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Evolution of the Jobs Gap and Possible Scenarios for Growth

Any replication of this chart should be credited to The Hamilton Project at the Brookings Institution.

Evolution of the Jobs Gap and Possible Scenarios for Growth

Each month, The Hamilton Project examines the “jobs gap,” which is the number of jobs that the U.S. economy needs to create in order to return to pre-recession employment levels while also absorbing the people who enter the potential labor force each month. As of the end of June 2015, our nation faces a jobs gap of 3.5 million jobs. This chart shows how the jobs gap has evolved since the start of the Great Recession in December 2007, and how long it will take to close under different assumptions for job growth. The solid line shows the net number of jobs lost since the Great Recession began. The broken lines track how long it will take to close the jobs gap under alternative assumptions about the rate of job creation going forward. If the economy adds about 191,000 jobs per month, which is the average monthly rate of growth since the jobs recovery began in March 2010, then it will take until August 2017 to close the jobs gap. Given a more optimistic rate of 245,000 jobs per month, which is the average monthly rate of job creation over the last 12 months, the economy will reach pre-recession employment levels by January 2017.

Use our Jobs Gap Calculator to estimate different scenarios of job growth.
 

The Hamilton Project calculations use data from the Bureau of Labor Statistics.


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Evolution of the Jobs Gap and Possible Scenarios for Growth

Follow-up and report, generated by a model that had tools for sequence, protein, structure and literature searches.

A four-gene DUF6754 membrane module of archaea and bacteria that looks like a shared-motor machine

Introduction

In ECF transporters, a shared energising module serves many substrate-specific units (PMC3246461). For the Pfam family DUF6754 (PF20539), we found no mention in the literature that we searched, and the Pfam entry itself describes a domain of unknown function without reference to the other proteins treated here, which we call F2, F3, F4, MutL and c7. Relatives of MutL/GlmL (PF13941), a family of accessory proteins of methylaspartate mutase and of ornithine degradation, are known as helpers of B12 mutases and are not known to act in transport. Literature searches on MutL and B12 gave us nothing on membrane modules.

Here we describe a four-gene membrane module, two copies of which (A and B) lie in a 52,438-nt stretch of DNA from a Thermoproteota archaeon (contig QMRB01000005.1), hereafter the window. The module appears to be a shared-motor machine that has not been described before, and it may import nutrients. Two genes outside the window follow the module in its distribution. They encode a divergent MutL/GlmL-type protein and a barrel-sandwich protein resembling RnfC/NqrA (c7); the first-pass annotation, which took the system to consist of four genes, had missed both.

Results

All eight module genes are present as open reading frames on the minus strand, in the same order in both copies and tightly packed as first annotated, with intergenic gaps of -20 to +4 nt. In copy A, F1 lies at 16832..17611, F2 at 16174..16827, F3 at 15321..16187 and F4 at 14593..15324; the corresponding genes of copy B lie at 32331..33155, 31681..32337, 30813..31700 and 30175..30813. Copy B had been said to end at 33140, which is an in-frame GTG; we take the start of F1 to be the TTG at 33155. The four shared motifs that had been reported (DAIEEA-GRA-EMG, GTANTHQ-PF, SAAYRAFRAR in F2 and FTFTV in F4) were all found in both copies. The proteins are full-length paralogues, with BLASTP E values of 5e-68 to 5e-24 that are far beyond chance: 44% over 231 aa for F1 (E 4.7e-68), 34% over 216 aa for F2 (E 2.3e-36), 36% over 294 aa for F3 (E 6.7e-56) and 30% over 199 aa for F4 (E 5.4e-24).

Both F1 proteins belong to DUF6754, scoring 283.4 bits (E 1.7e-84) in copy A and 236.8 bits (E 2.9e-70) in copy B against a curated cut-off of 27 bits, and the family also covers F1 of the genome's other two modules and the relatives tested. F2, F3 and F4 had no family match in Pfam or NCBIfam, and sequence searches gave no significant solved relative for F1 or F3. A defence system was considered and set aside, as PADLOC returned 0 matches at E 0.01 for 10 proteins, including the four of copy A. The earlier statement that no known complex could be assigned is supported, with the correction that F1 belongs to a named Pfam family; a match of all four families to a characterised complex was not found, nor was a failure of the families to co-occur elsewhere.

July 2, 2015 • Charts

Each month, The Hamilton Project calculates America’s “jobs gap,” or the number of jobs that the U.S. economy needs to create in order to return to pre-recession employment levels while absorbing the people who newly enter the labor force each month. As of the end of June 2015, our nation faces a jobs gap of 3.5 million jobs.

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Promoting Financial Well-Being in Retirement Photos

June 23, 2015 • Photo Galleries

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Promoting Financial Well-Being in Retirement: Panel 1 Video

June 23, 2015 • Video

On June 23, The Hamilton Project at Brookings hosted a policy forum on promoting financial well-being in retirement. The first panel discussed a new paper by Professor Wesley Yin of UCLA that seeks to address challenges in the private long-term care insurance market. Yin was joined by Howard Gleckman, Resident Fellow at the Urban Institute, Thomas McInerney, President and CEO of Genworth Financial, and Alice M. Rivlin, Director of the Center for Health Policy at the Brookings Institution. Benjamin Harris, Chief Economist and Economic Adviser to the Vice President at the White House, moderated the discussion.

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